Tuesday, November 8, 2016

A New Thought About the First Chapters of Bereshit/Genesis and Noah

I love teaching because it is always as much about learning for me as for the students I am privileged to LEARN with at all junctures. “Teaching” is truly about facilitating the process of learning for all in the room, myself included, in my mind. I am presently working with students on the early side of the age continuum as well as much more seasoned and experienced learners. I want to dedicate this blog post to my First Graders at Perelman Jewish Day School and my Senior Life Long Learners in the Samuel A. Green House Community, for it is as a result of what I have been learning as a result of dialoguing and thinking with them.

With both groups, the Parsha – that is the weekly Torah reading – is part of our steady diet. So we are following the cycle of these weekly readings that began with the first chapters of Bereshit/Genesis two weeks ago. Within a very condensed period of time and relatively few words, we are reading about the Creation of all that is and then a quick process of falling off of the trajectory of progress and moving forward. A snake tempts Eve not to listen to explicit instructions, one brother kills his sibling (where are the parents?), corruption reigns, a flood comes and destroys all that is, generations proliferate, more conflict occurs, and so on.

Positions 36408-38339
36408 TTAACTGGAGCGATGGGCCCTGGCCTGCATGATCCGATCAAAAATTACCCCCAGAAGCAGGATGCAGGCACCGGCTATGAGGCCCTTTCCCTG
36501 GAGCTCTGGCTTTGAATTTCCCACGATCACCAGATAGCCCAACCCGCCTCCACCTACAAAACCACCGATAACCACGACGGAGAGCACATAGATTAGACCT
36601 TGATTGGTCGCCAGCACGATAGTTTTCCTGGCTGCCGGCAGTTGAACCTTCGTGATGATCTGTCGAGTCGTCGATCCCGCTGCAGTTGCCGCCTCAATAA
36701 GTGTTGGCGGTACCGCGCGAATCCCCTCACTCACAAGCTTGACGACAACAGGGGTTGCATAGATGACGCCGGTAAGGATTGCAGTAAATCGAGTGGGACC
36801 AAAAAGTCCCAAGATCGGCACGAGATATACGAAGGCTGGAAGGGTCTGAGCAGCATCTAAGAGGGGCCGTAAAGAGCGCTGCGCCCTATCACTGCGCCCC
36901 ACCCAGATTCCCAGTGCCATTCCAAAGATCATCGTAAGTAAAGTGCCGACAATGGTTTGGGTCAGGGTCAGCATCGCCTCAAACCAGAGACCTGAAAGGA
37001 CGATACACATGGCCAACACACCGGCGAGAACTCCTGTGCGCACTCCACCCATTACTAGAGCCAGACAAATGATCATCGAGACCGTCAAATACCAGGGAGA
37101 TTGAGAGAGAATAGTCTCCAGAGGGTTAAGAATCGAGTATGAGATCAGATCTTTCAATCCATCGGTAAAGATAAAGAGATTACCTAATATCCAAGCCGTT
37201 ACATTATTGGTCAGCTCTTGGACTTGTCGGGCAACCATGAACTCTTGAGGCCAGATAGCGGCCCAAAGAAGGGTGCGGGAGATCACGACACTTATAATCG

For me, the most jarring part of the narrative is when G-d regrets and is so distraught by the most amazing part of Creation, that of humanity – that part of G-d’s Creation that was singled out as “very good.” We read in Chapter 6: 5 - 9 of Genesis/Bereshit:

5 And the LORD saw that the wickedness of man was great in the earth, and that every imagination of the thoughts of his heart was only evil continually. 6 And it repented the LORD (or G-d regretted) that G-d had made man on the earth, and it grieved G-d (he regretted doing so) in G-d’s heart. 7 And the LORD said: 'I will blot out man whom I have created from the face of the earth; both man, and beast, and creeping thing, and fowl of the air; for it grieves Me that I have made them.' 8 But Noah found grace in the eyes of the LORD. 9 These are the generations of Noah; Noah was a completely righteous man for his time and Noach walked with G-d.